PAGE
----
What to make of Obama & Co.'s bank bailout - on top of Bush & Co.'s earlier bank bailout - which in terms of government spending and debt could add another 12 zeroes behind the 1 at the top of the pile?

What to make of Obama & Co.'s bank bailout - on top of Bush & Co.'s earlier bank bailout - which in terms of government spending and debt could add another 12 zeroes behind the 1 at the top of the pile?


Well, Wall Street liked it, as evidenced by the Dow's big rally early in the week and its upbeat mood since. While we welcome that rebound and hope it's a sign of things to come, forgive us if Wall Street's instincts sometimes make us nervous. We long ago lost our faith in the so-called "experts" having any unique knowledge of whether this or that solution will get the job done. If there are people with pitchforks in the streets, it's because Wall Street's interests have not always coincided with Main Street's, over the long haul.


The plan got mixed reviews from economists. Essentially it has Treasury Secretary Tim Geithner piggybacking on what his predecessor Hank Paulson initially thought about doing before ultimately backing off. That is to spend "cash for trash," to provide loans - of at least $500 billion but possibly $1 trillion or more - to private investors to buy up the bad assets, then keep fingers crossed that this unfreezes the lending markets and the value of those assets grows, thereby allowing the borrowers to pay back Uncle Sam, with interest.


One problem is that the proposal favors private investors at the expense of taxpayers - again - by dropping the overwhelming majority of the risk, easily 90 percent, in Uncle Sam's lap. Meanwhile, it requires the involvement of investors who are looking for bargains on these toxic assets - reportedly down to 30 cents on the dollar - with many banks unwilling to go that low.


Even the liberal New York Times was critical of this Democratic proposal, arguing that some of these financial institutions are insolvent beyond repair, that this economic downturn is real and not just the result of irrational panic, that this is a halfway scenario that puts the solution neither fully in the government's hands nor the free market's, thereby dooming it. Some think Obama and Geithner need to go all the way with a Resolution Trust Corporation-type of mechanism that has the government separating the hopeless banks from the salvageable ones, taking the former over and cleaning up their books, as it did 20 years ago with the derelict savings and loan associations.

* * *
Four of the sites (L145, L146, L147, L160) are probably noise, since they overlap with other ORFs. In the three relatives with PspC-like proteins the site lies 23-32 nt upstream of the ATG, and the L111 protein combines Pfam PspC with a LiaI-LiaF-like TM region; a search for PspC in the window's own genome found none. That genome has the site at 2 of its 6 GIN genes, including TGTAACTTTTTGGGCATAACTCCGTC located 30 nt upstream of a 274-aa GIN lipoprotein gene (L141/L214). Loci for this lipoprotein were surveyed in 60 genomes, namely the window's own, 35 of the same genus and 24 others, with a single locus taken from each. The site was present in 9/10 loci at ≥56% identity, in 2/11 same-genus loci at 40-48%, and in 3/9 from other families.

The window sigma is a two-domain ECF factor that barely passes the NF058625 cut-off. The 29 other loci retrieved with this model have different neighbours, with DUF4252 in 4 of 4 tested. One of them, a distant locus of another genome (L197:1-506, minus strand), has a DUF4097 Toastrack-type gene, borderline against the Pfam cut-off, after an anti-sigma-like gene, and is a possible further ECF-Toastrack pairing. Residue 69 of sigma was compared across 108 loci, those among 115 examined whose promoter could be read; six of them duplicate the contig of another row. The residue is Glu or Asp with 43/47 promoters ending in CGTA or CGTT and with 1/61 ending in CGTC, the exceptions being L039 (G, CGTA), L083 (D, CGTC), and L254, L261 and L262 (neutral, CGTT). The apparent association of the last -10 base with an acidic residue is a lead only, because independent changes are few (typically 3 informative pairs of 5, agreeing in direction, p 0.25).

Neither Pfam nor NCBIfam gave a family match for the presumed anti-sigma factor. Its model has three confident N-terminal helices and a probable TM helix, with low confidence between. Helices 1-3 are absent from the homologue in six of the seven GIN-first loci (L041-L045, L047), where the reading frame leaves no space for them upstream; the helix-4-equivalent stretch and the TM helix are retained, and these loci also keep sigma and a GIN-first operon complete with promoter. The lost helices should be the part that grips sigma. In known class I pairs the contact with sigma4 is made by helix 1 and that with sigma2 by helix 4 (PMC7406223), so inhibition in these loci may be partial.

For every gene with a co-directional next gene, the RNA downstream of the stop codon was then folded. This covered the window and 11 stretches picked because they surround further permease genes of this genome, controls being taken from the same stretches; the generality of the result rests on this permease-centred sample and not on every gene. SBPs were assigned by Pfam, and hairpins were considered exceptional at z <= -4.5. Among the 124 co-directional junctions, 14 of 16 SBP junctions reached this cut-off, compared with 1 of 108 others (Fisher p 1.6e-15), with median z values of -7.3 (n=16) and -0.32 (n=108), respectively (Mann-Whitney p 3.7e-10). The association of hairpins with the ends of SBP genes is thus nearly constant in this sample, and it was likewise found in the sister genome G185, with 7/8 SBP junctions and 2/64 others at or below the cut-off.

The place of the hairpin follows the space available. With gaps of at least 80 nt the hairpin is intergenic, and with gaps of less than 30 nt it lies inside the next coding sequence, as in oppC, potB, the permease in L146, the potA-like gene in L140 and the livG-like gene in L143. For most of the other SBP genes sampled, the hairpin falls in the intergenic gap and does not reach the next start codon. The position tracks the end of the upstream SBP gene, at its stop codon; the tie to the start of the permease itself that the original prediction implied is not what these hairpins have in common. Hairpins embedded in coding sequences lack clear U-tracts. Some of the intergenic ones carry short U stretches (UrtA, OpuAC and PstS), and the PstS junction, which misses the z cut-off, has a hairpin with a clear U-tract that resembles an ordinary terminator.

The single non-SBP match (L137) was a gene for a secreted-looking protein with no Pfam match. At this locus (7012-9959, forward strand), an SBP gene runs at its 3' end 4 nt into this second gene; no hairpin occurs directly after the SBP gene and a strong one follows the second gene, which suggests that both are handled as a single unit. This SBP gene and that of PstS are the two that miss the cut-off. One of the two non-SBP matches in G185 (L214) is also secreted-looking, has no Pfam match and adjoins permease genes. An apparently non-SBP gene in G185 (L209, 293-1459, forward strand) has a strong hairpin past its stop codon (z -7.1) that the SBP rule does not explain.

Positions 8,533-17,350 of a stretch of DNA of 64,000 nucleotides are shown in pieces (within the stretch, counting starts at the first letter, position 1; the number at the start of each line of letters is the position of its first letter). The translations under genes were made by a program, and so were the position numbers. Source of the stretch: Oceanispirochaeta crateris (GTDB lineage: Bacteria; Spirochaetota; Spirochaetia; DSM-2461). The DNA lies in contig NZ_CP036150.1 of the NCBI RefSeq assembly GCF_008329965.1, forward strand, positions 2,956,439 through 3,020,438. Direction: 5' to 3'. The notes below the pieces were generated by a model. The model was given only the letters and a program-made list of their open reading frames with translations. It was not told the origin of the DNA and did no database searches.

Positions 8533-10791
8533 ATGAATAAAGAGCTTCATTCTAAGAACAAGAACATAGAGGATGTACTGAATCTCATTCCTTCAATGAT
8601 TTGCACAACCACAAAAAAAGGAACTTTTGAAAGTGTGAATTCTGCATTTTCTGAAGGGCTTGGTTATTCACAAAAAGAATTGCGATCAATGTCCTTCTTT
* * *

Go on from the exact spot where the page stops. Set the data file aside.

Who knows? Clearly it's another gamble. The early returns have been positive. For the first time in what seems like forever, February even produced some better-than-expected news on the home starts and factory orders fronts, though it's probably unwise to read too much into that.


Meanwhile, Geithner on Thursday announced plans to rein in some of the more aggressive elements on Wall Street - hedge funds, private equity funds, venture capital funds, financial derivatives - with far stricter government supervision, "not modest repairs at the margin, but new rules of the game."


While we are wary of an all-powerful government stifling free enterprise, so are we concerned about an unfettered market that has proven its willingness to go crazy when nobody is watching. These are, after all, the kinds of entities who manage our pensions. If you want to blame somebody for Uncle Sam's heavy hand here, feel free to blame the likes of a crook like Bernie Madoff.


Finally, Geithner wants far greater government oversight over "systemically important" banks and other institutions. We do think the government has a role here in putting up some hurdles to companies becoming "too big to fail." An AIG shouldn't be able to topple an entire economy, though it's fair to wonder if it actually would have, had AIG been allowed to fail.


Look, no one likes this stuff, not even Geithner. As he said, these proposals "contain a basic and tragic unfairness - that those who were prudent and responsible in their personal and professional judgments are harmed by the actions of those who were less careful and less prudent." It galls us no end when taxpayers are called upon to rescue the bad guys.


That said, there are precious few good choices here. Absolutely, we are concerned about the borrowing, especially when we have gone in a relatively short time span from thinking billions meant big money to trillions and, this week in the Wall Street Journal, even a mention of "quadrillion" in reference to the value of the complex derivatives that are in part behind this mess. Certainly we hope the Obama administration knows when to say when. We don't have that sense yet.


And somewhere along the line, we have to get back to the concept in this country that our wealth should come first and foremost from our work, not just from our investments.


Peoria Journal Star